1. Is the e at the end of Tzeniwe its own syllable (tzen-i-way) or silent (tzen-eew)?

Its own syllable. Bantu languages don't tend to have silent letters: I would pronounce this tseh-NEE-weh. (The final vowel is somewhere in between "eh" and "ay", like the Spanish e. Spanish is a good reference for all the vowels here, honestly.)

  1. Are consecutive vowels pronounced together or individually? E.g., is Magaambya four syllables (mah-gahm-by-ah) or five (mah-gah-am-by-ah)? Is Ekujae three (eh-koo-jay) or four (eh-koo-jah-ay)? Is Yaoua two (yow-ah) or four (ya-oh-oo-ah)?

Separately. Each vowel is the core of its own syllable, and should be pronounced on its own. In Swahili, the stress falls on the second syllable from the end, so Magaambya would be mah-gah-AH-mbyah. (That last bit is all one syllable; y is always a consonant in Swahili, never a vowel.) Similarly, eh-koo-JAH-eh, yah-oh-OO-ah. I'm not used to seeing four vowels in a row in any Bantu language, but that's how the writing system works.

(On the other hand, Patta has found a comment by a Paizo developer saying they pronounce "Ekujae" as e-coo-jay. So the intent may be to pronounce groups of vowels together, unlike in Swahili; in this case, it could be eh-KOO-jay and yah-OO-wah.)

  1. How are m's handled when there isn't a vowel with them, as in Xanmba or Mzunu? Are they separate sounds/syllables, or do they run together with the letter before or after?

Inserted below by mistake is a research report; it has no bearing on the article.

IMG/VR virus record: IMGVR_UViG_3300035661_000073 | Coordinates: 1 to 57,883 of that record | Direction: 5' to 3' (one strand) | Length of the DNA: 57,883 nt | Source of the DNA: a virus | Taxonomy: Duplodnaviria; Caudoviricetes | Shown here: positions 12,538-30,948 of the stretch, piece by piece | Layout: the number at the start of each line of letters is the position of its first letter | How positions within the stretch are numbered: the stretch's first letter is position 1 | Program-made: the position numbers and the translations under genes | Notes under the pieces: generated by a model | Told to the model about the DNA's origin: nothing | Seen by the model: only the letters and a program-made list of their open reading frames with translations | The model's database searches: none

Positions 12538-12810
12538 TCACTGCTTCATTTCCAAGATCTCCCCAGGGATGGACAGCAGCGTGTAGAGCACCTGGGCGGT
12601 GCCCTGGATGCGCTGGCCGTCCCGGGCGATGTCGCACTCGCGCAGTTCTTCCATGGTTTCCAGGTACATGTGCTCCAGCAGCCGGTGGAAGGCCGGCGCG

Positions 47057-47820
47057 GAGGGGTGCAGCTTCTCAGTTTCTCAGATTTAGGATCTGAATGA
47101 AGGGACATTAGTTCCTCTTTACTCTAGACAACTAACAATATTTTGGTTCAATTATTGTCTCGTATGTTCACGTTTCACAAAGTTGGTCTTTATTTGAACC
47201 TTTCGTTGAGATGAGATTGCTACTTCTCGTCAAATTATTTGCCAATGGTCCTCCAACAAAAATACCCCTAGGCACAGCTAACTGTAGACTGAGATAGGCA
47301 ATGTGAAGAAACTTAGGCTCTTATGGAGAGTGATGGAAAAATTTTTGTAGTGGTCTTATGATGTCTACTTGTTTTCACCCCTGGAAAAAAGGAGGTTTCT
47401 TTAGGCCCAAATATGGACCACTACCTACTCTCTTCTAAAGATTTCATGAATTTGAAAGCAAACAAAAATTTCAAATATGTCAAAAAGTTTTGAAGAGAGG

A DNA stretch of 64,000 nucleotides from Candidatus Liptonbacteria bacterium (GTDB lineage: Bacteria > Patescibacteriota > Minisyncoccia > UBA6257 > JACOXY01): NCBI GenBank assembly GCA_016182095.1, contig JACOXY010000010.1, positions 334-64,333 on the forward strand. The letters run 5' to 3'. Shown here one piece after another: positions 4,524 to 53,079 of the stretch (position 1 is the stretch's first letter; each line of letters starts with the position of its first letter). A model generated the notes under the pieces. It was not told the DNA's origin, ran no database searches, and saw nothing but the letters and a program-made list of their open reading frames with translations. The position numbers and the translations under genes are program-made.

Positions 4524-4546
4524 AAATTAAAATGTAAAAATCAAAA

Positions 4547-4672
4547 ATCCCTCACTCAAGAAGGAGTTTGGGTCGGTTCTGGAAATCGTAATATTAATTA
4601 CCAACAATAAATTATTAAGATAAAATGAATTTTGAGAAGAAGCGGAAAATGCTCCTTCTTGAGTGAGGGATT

The combination mb is its own sound, like a B sound with a little bit of nasalization before it. But if you have trouble pronouncing this, you can break the M out into its own syllable. If the mb comes in the last syllable of the word, you always break the M out separately to make it two syllables long: mbwa "dog" is pronounced "MM-bwah".

The combinations mv, nd, nj, nz, ny, and ng are their own sounds too, just like mb. But again, if that's hard to pronounce, it's fine to separate it out. The difference between MWAH-ngee and MWAN-gee is not significant. So, [click]AHN-mbah, [click]AHNM-bah, or [click]AHN-mm-bah.

When m or n comes before other consonants, it gets its own syllable: mm-ZOO-noo.

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    \$\begingroup\$ The only information I could ever find was this post where a paizo developer says that internally, they pronounced "Ekujae" like so: E-coo-jay. I am not sure how different that actually is from your version, I guess it depends on how exactly you say the "jay" part? (Source: paizo.com/threads/rzs42xb6?Book-2-question) \$\endgroup\$
    – Patta
    Sep 28, 2022 at 7:42
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    \$\begingroup\$ This is incredibly helpful - thank you! \$\endgroup\$
    – thatgirldm
    Sep 29, 2022 at 3:21